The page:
Résumé : Background: Black women suffer disproportionately poor birth outcomes, including increased morbidity and mortality for mothers and babies, in the United States (US).
Objective: The purpose of this study is to explore racial/ethnic differences in women receiving prenatal care in Federally Qualified Health Centers (FQHCs).
Methods: We conducted a retrospective secondary analysis of 17,086 prenatal women receiving care at FQHCs for the period 2012-2017.
Results: Compared to both White and Latinx pregnant women, Black women were less likely to initiate prenatal care in the first trimester and less likely to be partnered during their pregnancy. Black women are at greater risk for elevated pre-pregnancy body mass index (BMI) compared to White women and more at risk for hypertension compared to Latinx women.
Conclusion: This study highlights prenatal differences in Black, White and Latinx women. Education on the importance of first trimester entry into prenatal care, adequate social support and healthy nutrition are important to include in the care of Black women of childbearing age.
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in Midwifery Digest (Midirs) > Vol. 31, n° 4 (December 2021) . - p. 460-465[article]
Cote Support Localisation Section Disponibilité Midwifery Digest (Midirs). Vol. 31, n° 4 (December 2021) Périodique papier Woluwe périodiques Consultation sur place uniquement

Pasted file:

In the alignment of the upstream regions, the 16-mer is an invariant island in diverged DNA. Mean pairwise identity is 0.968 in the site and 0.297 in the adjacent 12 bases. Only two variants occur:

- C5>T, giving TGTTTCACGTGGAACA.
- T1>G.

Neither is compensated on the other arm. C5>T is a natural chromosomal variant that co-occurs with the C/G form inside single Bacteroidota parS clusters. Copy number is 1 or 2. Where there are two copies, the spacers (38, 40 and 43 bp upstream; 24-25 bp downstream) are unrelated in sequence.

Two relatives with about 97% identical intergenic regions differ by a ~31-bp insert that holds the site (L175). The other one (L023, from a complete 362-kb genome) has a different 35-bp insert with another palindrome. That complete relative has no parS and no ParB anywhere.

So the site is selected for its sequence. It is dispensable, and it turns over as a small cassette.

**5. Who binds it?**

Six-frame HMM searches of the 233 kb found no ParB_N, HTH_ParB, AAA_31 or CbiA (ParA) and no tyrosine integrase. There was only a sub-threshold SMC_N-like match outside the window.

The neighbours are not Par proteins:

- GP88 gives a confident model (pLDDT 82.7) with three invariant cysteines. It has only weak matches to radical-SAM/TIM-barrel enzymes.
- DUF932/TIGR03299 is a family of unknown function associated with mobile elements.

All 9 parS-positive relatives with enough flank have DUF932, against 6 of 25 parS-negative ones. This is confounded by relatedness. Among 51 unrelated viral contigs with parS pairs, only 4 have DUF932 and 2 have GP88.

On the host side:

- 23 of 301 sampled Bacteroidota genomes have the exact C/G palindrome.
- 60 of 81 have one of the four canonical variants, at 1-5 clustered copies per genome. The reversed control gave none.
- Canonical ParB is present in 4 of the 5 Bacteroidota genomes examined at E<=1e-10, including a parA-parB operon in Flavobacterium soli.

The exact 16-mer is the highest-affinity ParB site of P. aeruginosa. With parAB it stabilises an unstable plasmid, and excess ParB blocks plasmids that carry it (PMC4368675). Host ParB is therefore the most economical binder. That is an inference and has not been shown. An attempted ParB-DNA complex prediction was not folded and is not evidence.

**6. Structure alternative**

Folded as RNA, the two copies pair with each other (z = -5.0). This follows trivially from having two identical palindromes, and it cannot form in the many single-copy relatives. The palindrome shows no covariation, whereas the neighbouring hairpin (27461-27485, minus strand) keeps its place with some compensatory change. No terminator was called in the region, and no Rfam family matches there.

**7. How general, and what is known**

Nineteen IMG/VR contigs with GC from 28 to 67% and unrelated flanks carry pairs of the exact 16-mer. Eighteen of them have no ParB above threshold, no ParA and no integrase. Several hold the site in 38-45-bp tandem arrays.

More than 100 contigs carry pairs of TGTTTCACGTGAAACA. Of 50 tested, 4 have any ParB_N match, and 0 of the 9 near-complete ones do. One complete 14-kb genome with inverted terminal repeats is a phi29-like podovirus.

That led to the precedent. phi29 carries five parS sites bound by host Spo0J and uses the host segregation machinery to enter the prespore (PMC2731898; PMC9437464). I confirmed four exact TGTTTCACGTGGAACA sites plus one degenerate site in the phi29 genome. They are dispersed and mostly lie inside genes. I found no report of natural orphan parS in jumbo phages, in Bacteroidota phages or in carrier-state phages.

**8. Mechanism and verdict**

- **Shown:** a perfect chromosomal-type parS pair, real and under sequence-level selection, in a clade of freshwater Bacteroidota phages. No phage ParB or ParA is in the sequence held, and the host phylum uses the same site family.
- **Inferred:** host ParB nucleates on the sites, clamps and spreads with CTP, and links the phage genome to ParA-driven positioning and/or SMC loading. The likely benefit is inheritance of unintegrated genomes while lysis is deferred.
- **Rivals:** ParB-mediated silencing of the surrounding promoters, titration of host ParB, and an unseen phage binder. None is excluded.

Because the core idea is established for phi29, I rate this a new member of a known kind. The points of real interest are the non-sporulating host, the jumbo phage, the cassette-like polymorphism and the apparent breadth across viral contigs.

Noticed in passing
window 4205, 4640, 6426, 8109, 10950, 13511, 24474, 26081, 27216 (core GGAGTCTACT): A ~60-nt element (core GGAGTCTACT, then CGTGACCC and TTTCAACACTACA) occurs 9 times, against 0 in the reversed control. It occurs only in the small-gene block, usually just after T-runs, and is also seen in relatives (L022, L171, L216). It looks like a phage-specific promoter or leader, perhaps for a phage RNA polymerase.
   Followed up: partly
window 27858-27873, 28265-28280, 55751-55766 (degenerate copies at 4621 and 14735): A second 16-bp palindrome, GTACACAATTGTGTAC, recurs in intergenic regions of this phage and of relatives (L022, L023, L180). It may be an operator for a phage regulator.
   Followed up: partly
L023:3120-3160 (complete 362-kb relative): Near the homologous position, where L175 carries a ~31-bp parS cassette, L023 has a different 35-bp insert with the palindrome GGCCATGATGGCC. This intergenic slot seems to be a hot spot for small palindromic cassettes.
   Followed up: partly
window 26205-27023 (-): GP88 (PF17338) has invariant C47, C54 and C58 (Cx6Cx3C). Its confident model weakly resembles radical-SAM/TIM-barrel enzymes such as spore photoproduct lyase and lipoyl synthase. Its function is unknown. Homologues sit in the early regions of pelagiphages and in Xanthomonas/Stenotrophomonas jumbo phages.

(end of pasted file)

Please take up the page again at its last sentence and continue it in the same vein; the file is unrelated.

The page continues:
Exclu du prêtHispanic/Latino Perspectives on Hearing Loss and Hearing Healthcare: Focus Group Results / Michelle L. Arnold in Ear and hearing, Vol. 43, n°6 (Novembre-Décembre 2022)PermalinkInfant and Early Child Appetite Traits and Child Weight and Obesity Risk in Low-Income Hispanic Families / Sarvenaz Vandyousefi in Journal of the academy of nutrition and dietetics, Vol. 121, n° 11 (November 2021)PermalinkInterventions to Treat Obesity in Mexican Children and Adolescents / Magaly Aceves-Martins in Nutrition reviews, Vol. 80, n°3 (March 2022)PermalinkLong-Term Follow-Up of a Lifestyle Intervention for Late-Midlife, Rural-Dwelling Latinos in Primary Care / Stacey Schepens Niemiec in American journal of occupational therapy, Vol. 75, n° 2 (March/April 2021)PermalinkNeuropsychological and academic characteristics of Mexican-American children : a longitudinal field study / Rosemarie M. Bowler in Applied psychology: an international review, Vol. 21, n°3 (July 2002)PermalinkPreconception Diet Quality Is Associated with Birth Weight for Gestational Age Among Women in the Hispanic Community Health Study/Study of Latinos / Anna Maria Siega-Riz in Journal of the academy of nutrition and dietetics, Vol. 121, n° 3 (March 2021)PermalinkThe Diet Quality of a Sample of Predominantly Racial Minority Children From Low-Income Households Is Lower During the Summer vs School Year: Results From the Project Summer Weight and Environmental Assessment Trial Substudy / Laura C. Hopkins in Journal of the academy of nutrition and dietetics, Vol. 121, n° 1 (January 2021)Permalink